Vaccination and cancer


Annual vaccination is the norm. But, there is evidence that yearly vaccination may not be necessary, and could in fact be harmful. This is of especial note for you, since your cat will be strictly kept indoors. Ref: “Vaccination Schedule: Feline” by Dr Bob Rogers, Critter Fix Pet Hospital, USA (http://critterfixer.com/pages/feline.asp). Also, the substance traditionally used to carry the vaccine, the adjuvant, can cause cancer at the vaccination site. Vaccine Associated Sarcoma (VAS), or Feline Vaccine Sarcoma, is nearly always fatal: “In a symposium on fibrosarcomas in cats… , a professor of internal medicine at Colorado State University, asked attendees if they had seen a vaccine-associated feline sarcoma in the past two years. Roughly 80 percent raised their hands. Only a smattering went up when asked if they had successfully treated the cancer.” – Researchers Probe Vaccine-Associated Feline Sarcoma, Journal of the American Veterinary Medical Association, 15 Sep 2004 (http://www.geocities.com/~kremersark/javma_9_2004.html)

This does not mean that your cat should not be vaccinated.Awareness is VITAL for you to make the proper decisions. Dr. Shane Ryan, Companion Animal Surgery clinic, Singapore, authored “Feline Vaccine Sarcoma”, an in-depth professional look. (Accessible through the clinic website – http://www.comvet.com/). And these online sites are by grieving pet-owners to tell their cats’ stories and alert others, and emphasise the need to be a pro-active partner with your vet in your cat’s healthcare:

Please also be aware that some animals develop reactions to vaccinations – from allergies, blisters, itching, sores, to fur loss (http://www.shirleys-wellness-cafe.com/petvacc.htm).

There is even a suspected case of brain damage induced by high fever caused by vaccination.

(Created: 21 Nov 06)

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One response to “Vaccination and cancer

  1. My cat of 9 yrs old survived fibrosarcoma. This cancer was 100% rabies vaccine induced. I got her from the shelter in 2001. She had her rabies shots before and after adoption. Moreover, my other cats had them as well.
    She had rabies shot (new formula that supposed to cause much less cases of cancer) in 2004.
    When I was petting her I noticed a bump half a size of a pea on her right hind leg in about 4 days. It kept growing very fast. It 4 additional days it amost doubled its size. I immeditely went to a vet and he had fine needle aspiration (not the best method). Pathology came back as infectious material. I went to another doctor within a week and had much larger sample taken for pathology reading. It came back as fibrosarcoma.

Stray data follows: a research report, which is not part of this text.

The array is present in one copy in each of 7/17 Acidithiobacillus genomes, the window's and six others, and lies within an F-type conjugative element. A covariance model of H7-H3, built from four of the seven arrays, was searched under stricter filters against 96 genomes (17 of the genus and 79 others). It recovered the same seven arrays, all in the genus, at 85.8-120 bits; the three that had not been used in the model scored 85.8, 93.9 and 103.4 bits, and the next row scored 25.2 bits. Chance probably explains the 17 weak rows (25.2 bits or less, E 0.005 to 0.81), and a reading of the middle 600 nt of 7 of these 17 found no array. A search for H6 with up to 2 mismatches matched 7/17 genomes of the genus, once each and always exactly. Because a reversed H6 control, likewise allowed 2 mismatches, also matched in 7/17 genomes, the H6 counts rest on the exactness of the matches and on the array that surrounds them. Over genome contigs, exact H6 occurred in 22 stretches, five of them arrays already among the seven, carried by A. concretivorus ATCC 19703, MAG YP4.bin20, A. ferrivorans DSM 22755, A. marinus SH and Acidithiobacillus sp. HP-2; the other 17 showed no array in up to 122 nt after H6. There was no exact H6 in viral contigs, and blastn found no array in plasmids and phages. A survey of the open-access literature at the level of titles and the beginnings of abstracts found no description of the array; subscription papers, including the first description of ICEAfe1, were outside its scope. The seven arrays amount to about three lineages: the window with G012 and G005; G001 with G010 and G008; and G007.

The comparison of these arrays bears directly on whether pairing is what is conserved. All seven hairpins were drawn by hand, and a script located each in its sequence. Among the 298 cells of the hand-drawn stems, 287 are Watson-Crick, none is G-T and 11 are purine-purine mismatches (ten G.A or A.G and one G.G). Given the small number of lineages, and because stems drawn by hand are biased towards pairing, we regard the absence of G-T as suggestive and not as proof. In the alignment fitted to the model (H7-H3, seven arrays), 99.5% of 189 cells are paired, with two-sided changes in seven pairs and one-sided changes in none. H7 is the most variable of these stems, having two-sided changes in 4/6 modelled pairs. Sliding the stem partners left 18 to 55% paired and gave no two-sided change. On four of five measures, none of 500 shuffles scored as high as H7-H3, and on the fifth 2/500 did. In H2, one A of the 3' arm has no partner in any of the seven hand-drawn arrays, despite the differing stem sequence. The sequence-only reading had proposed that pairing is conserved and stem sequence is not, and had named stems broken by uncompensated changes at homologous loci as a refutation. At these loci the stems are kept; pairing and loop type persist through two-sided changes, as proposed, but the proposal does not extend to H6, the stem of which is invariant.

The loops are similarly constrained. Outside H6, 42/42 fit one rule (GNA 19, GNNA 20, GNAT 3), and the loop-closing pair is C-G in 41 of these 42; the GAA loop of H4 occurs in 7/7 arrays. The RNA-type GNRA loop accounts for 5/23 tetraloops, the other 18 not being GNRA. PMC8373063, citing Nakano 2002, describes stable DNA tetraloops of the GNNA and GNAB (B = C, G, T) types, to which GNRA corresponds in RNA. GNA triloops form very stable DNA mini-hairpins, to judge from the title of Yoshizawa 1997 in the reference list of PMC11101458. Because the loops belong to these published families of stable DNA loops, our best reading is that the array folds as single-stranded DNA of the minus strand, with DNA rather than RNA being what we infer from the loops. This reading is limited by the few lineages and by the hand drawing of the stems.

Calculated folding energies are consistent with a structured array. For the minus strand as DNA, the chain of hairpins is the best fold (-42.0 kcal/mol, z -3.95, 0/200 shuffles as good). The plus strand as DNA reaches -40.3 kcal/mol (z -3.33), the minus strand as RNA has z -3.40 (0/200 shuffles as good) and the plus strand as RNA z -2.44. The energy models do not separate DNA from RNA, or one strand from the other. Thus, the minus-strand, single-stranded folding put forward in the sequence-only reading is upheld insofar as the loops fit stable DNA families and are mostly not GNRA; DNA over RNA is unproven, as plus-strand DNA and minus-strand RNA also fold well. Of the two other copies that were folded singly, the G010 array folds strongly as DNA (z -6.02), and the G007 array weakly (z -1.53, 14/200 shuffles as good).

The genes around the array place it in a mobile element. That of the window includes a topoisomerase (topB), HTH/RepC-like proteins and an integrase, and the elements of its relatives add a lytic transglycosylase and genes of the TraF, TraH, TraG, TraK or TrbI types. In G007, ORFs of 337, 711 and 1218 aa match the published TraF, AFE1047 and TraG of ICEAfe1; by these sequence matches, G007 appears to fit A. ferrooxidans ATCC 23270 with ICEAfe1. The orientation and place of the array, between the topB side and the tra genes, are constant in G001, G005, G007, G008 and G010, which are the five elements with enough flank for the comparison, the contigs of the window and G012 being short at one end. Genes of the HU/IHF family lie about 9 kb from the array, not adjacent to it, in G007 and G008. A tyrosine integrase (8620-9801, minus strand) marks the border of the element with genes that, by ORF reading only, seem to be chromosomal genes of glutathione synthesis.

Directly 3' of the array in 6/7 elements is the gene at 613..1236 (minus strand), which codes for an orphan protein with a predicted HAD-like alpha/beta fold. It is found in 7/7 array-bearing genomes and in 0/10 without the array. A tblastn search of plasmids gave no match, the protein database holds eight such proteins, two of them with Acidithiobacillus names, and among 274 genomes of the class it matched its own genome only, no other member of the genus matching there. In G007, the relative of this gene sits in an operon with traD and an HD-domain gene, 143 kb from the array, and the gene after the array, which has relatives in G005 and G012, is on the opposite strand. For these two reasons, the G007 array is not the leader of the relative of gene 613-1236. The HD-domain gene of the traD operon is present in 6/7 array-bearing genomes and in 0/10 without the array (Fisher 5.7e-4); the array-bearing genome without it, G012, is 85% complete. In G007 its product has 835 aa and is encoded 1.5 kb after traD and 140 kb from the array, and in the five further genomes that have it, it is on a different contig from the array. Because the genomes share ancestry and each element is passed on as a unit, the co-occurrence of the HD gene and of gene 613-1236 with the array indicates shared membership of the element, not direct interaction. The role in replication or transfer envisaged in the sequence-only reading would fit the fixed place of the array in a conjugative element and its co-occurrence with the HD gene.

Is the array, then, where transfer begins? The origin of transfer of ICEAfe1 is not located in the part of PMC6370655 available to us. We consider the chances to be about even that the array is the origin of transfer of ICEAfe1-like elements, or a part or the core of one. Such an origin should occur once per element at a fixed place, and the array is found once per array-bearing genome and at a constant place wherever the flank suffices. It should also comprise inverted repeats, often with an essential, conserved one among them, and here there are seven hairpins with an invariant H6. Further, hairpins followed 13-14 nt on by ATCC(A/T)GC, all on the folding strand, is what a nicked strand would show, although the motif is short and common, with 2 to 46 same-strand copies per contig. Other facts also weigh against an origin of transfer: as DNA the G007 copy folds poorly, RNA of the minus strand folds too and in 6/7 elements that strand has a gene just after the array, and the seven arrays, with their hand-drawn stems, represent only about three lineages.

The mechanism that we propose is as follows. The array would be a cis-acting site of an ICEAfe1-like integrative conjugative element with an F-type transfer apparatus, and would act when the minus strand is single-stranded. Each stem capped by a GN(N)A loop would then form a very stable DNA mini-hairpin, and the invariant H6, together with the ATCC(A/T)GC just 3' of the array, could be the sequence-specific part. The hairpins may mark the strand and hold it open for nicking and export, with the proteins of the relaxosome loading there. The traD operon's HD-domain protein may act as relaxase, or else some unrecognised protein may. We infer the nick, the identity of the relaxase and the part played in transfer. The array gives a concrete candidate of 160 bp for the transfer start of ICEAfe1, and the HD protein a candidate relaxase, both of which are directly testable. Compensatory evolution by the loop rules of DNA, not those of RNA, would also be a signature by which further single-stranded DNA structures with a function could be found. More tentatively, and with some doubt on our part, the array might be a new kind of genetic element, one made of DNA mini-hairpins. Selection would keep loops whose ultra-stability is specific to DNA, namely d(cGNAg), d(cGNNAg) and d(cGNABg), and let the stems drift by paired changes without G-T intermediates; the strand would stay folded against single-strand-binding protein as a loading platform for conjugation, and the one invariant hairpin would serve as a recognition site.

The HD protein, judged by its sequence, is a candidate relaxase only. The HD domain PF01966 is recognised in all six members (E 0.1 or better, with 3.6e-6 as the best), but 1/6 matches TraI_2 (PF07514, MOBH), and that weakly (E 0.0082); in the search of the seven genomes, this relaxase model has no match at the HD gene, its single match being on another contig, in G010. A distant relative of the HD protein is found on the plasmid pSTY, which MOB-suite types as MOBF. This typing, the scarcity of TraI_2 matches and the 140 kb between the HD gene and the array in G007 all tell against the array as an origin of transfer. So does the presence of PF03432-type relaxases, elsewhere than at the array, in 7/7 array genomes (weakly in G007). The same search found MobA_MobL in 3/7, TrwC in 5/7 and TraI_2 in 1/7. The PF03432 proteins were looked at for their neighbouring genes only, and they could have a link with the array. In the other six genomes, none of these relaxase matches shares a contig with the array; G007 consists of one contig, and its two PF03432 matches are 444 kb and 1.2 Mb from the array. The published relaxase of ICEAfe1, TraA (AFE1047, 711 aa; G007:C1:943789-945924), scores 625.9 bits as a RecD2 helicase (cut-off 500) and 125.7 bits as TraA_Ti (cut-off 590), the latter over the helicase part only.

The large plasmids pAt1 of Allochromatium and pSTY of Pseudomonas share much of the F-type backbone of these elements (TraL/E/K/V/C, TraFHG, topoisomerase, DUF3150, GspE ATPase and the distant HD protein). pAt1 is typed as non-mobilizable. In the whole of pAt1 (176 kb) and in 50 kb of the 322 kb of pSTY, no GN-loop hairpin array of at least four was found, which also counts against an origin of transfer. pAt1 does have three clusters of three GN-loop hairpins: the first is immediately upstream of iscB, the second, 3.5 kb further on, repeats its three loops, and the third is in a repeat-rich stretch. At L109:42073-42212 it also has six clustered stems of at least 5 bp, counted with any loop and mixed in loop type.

I had results of the second finding run twice by different lab techs to make sure results were duplicated. Came back positive.
    I contacted best oncologists in USA by phone (one is Dr. Villalobos in CA) and email..they suggested amputation of her leg.
    I actually then visited oncologist at Alamo oncology center in CA.
    My cat’s leg was amputated within a month of finding a lump that kept growing in its size.
    After surgery I started my cat on Agaricus Blazei (ekismate) mushroom extract (once a day, before food, one or two small drops). I kept that routine for 4 mos-6 mos after the surgery. I found it on atlasworldusa.com. Actually it was recommended by Dr. Villalobos. I cannot say if it worked or if it did not. I made sure my cat had no reactions to it before I started her on it. They actually make pills but I wanted a liquid, so check with your doctor and do a research.
    Within a year after surgery I had a sonogram done to make sure cancer did not come back. My cat is officially cancer free.
    My cat does not have a leg but it is very healthy now. Please do not vaccinate indoor cats for rabies and leukemia, even with new so called improved vaccines. Keep them indoors. Both of these vaccines are responsible for fibrosarcoma-extremely invasive, fast spreading cancer in cats. Never vaccinate your cats in any other part of a body except hind legs. They can be amputated unlike kitty’s nape. Act fast, use your credit cards, stay positive and do a lot of research. Additionally, pet your animals and feel their skin for any growths. If you found a lump–go to your doctor! Good luck!

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